There is nothing stopping women from being powerful entrepreneurs right alongside men, building companies and taking them to the top. This is an exciting time to be a woman in business!
Q: What is the latest growth data for women-owned businesses in the US?
A: Overall, the number of women-owned businesses grew by 74% between 1997 and 2015—a rate that’s 1.5 times the national average, according to the recently published “2015 State of Women-Owned Businesses Report” commissioned by American Express Open. African-American women blow that statistic away. The number of businesses owned by African-American women have grown 322% since 1997, making them the fastest growing group of entrepreneurs in the country.
Women now own 30% of all businesses in the US, accounting for some 9.4 million firms. And African-American women control 14% of these companies, or an estimated 1.3 million businesses. That figure is larger than the total number of firms owned by all minority women in 1997, the report found.
Q: What are the top 5 reasons why it’s a good time for women to become entrepreneurs?
1. Freedom to work and live on your own terms.
As a business owner, you run the show by setting your own hours and hopefully creating the ideal blend of work / life balance. When you start your own business, you can enjoy having the liberty to make it happen on your own terms. Though it may take awhile to figure out your perfect schedule, you’re still the one in charge and you can make as many changes as necessary to adjust it to your liking.
2. The opportunity to build something for yourself.
There is a lot of energy that goes into creating and building something that is all yours, knowing that this is work for yourself, instead of someone else. There is a sense of pride that you get as a business owner because entrepreneurship has no boundaries. No matter what your background, education or experience level, you can succeed as a business owner with the right formula.
3. Unlimited earning potential.
According to the American Association of University Women, women are still only paid about 77 cents for every dollar a man earns. There is truly no cap on your income potential when you’re running your own company. With hard work, determination and creativity, you can go from earning six figures to seven figures and beyond—giving you a chance to carve out your own financial destiny.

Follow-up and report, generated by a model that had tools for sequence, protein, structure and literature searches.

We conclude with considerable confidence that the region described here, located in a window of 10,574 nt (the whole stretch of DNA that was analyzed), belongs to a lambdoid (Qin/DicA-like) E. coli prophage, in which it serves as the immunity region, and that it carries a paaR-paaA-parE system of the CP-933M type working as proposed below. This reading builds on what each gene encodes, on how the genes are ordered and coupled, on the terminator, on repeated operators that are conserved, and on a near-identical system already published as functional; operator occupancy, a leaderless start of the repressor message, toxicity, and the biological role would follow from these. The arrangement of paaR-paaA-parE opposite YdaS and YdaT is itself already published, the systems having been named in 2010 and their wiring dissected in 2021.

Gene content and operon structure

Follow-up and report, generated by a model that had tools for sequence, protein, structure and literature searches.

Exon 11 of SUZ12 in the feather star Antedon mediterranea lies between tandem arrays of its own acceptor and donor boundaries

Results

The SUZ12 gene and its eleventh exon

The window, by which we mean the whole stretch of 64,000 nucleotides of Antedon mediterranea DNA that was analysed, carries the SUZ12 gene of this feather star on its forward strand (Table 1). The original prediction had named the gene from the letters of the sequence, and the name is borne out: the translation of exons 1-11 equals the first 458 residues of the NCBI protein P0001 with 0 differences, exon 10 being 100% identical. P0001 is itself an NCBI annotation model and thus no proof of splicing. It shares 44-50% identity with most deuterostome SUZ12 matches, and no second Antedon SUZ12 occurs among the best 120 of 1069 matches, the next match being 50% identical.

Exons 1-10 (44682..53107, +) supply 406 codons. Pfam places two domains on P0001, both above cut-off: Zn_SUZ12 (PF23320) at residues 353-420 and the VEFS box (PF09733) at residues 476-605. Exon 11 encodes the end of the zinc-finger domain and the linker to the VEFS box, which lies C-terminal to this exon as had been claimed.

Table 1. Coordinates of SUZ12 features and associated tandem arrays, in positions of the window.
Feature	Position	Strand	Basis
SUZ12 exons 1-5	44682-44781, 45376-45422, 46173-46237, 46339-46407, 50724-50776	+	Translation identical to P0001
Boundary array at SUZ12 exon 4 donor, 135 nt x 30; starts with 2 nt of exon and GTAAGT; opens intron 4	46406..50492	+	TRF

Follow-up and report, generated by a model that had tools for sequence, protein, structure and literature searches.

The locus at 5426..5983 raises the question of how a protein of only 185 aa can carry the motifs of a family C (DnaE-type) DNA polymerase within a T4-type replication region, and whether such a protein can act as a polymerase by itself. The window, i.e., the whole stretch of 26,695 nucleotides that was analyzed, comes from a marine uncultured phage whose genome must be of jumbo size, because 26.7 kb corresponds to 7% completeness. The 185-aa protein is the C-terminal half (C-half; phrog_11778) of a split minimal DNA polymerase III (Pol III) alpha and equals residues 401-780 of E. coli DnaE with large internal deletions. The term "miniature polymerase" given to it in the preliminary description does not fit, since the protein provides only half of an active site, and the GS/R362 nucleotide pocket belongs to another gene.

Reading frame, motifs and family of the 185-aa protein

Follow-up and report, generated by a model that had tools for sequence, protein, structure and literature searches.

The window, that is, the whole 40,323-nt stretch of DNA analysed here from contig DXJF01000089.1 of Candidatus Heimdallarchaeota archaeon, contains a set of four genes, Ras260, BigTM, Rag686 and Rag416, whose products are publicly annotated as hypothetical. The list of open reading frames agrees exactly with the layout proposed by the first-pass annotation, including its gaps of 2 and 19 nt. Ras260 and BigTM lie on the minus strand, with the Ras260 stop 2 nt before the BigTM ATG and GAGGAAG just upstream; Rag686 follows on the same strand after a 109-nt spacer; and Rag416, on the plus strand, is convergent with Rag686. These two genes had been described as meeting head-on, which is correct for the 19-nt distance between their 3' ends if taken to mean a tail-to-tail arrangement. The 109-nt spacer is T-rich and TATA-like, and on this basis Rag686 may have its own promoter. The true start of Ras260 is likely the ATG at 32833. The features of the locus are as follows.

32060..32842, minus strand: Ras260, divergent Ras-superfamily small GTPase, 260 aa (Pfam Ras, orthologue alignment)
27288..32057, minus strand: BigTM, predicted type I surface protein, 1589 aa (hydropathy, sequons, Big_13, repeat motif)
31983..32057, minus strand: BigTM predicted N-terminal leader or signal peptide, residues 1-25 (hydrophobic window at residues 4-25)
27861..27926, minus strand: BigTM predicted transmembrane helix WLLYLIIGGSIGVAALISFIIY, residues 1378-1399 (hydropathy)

4. Multiple streams of income.
Many believe that having multiple streams of income is the real way to wealth. You don’t have to quit your job tomorrow to become an entrepreneur. Instead, you can gradually work yourself into full-time entrepreneurship or even remain an “intrapreneur,” earning extra money on the side through your business.
5. People are looking for something new.
When it comes to pitching your service or products, there is an advantage to being a new business owner. Many individuals and companies are looking for new partnerships that offer greater value. This doesn’t mean you have to have the lowest prices, but that you are able to provide the most value and efficiency around delivery and customer service.
Q: How can women find financial resources to assist in starting or growing their business?
A: The US Small Business Administration (SBA) provides resources to help women entrepreneurs launch and grow their businesses, and compete in the global marketplace. With online resources, financing opportunities and Women’s Business Centers, the SBA is there to help you succeed.
Q: What is the difference between a grant and a loan?
A: Receiving a grant is basically ALMOST like receiving free money. It does not have to be repaid, but you DO have to prove that you used the funds for the intended purposes, and you usually have to match the grant money with funds from another source (your own money, or another grant). Grants are often smaller amounts than are available with a loan, and can have very specific criteria about who can receive them and how the funds can be used. There are thousands of sources for grants, and many go untapped.
Theoretically, a loan has much broader usage terms than the specific ones for grants – you just have to prove you can repay it. Loans not only have to be repaid, they have to be repaid on a timeline and with interest. However, you are usually free to use a loan for a broader range of needs for your business. Depending on how you guarantee the loan, you can secure a loan for much larger amounts than a grant. Sources for loans are common commercial lenders like banks, but there are also some private, nonprofit organizations that manage loans; in both cases, the SBA has programs that can facilitate a loan.
Be sure to read this month’s Message from Louise that inspires NAPW members to believe in their passions and pursue their dreams.